In the previous article, the possibility of derogating from the exclusive jurisdiction of the UPC for European patents with national effect (“Opt-out”) was presented. Let's now look at the terms of an Opt-out request.
Who can Request an Opt-Out?
The Opt-out request must be made by the effective (or real) owner of the patent or patent application, or by his authorized representative. There is, however, no obligation of representation.
In the case of co-ownership, the opt-out request must be made unanimously by all the co-holders or by an authorized common representative. To avoid any subsequent conflict situation, it would be interesting to provide for the question of a possible opt-out in patent co-ownership contracts.
If, prior to any Opt-out request, a SPC (Supplementary Protection Certificate) has already been issued for a patent, then a subsequent opt-out request must be made jointly by the patent holder(s) and the owners of the SPC.
With regard to patents or patent applications for which licenses have been granted, a licensee, even an exclusive one, cannot request an Opt-out.
If the holder(s) is (are) not the one(s) registered in the national registers, then a declaration specifying that the person(s) filing the opt-out is (are) the actual holder(s) must accompany the latter.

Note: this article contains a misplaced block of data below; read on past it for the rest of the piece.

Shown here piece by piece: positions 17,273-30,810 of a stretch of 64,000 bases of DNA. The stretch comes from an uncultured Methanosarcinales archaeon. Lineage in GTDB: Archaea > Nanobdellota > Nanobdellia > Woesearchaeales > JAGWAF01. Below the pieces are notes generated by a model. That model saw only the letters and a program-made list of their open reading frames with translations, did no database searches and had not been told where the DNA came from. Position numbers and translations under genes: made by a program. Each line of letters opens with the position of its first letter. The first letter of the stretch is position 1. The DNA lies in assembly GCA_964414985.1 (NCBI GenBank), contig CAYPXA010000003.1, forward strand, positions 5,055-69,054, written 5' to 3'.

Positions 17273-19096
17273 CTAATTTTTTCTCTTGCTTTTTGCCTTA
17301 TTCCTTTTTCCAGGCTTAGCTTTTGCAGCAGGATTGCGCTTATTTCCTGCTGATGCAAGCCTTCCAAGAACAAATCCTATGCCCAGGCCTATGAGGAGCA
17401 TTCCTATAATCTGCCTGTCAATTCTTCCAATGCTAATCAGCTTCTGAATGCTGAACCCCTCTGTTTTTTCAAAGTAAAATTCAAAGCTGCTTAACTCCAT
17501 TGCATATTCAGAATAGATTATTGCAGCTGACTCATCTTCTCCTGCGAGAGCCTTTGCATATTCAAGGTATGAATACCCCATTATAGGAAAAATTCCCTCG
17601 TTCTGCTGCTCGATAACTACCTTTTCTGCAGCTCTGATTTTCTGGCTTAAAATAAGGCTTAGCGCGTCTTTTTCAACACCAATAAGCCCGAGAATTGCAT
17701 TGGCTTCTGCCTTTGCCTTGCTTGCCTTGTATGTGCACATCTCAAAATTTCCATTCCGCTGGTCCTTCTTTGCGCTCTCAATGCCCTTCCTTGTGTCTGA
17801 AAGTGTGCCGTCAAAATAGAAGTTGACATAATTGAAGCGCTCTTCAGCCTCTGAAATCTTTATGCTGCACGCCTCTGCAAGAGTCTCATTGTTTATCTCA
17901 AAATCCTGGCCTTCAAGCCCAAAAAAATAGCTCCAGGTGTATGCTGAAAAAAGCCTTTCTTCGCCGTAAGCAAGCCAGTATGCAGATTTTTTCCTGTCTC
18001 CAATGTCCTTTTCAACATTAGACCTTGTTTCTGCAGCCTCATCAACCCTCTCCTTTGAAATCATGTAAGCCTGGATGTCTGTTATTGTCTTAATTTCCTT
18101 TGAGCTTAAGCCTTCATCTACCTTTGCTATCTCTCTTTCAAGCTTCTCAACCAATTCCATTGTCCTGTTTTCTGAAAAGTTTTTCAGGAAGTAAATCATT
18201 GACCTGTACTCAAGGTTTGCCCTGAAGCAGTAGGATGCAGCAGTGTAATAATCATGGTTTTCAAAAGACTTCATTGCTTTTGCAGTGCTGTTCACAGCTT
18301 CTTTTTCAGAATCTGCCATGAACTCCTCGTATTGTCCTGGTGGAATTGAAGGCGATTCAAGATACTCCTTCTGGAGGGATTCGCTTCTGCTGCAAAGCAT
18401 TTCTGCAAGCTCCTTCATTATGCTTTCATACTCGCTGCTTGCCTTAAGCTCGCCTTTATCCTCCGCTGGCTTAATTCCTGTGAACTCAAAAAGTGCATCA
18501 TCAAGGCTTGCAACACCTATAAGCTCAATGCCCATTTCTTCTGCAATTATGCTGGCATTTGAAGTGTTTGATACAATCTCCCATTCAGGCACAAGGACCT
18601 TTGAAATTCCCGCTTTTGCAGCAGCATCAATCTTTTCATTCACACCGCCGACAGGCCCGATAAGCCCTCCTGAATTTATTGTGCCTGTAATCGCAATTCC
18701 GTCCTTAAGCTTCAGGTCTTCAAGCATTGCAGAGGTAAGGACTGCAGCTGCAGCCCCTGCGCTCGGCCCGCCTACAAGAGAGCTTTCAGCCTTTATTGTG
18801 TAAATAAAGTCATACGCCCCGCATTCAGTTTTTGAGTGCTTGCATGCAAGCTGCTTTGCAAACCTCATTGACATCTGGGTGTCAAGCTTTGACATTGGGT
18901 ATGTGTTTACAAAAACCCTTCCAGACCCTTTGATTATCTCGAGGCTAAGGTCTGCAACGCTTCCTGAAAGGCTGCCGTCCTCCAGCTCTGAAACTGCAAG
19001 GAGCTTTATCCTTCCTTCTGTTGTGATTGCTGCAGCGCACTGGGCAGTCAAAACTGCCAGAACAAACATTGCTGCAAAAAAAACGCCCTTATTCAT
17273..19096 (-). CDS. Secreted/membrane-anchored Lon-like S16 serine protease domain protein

However, there is no control by the UPC registry of the veracity of the information provided as to the ownership of the rights.
If errors have been made or information is missing from an opt-out request, the possibility is offered to the applicant to rectify this request. It should be noted that any rectification will delay the taking effect of the request accordingly, leaving the risk that an action may be initiated, in the meantime, before the UPC.
Many IP players have feared that opt-outs or waivers of opt-outs be requested fraudulently, thus it is now planned, for the real owner(s), to be able to request the deletion of such requests.
How and Where to Request an Opt-Out?
The opt-out request must be filed with the UPC electronically using a dedicated CMS (“Case Management System”) portal. It is not subject to any fee.
The opt-out request takes effect on the date of registration in the register, as does the waiver of an opt-out.
As this request is published on the UPC website, it will be possible for an applicant or holder to check whether an opt-out has been requested, fraudulently, for one of its patent applications or one of its patents.
In the next issue: Advice to help choose between jurisdiction of the UPC or opt-out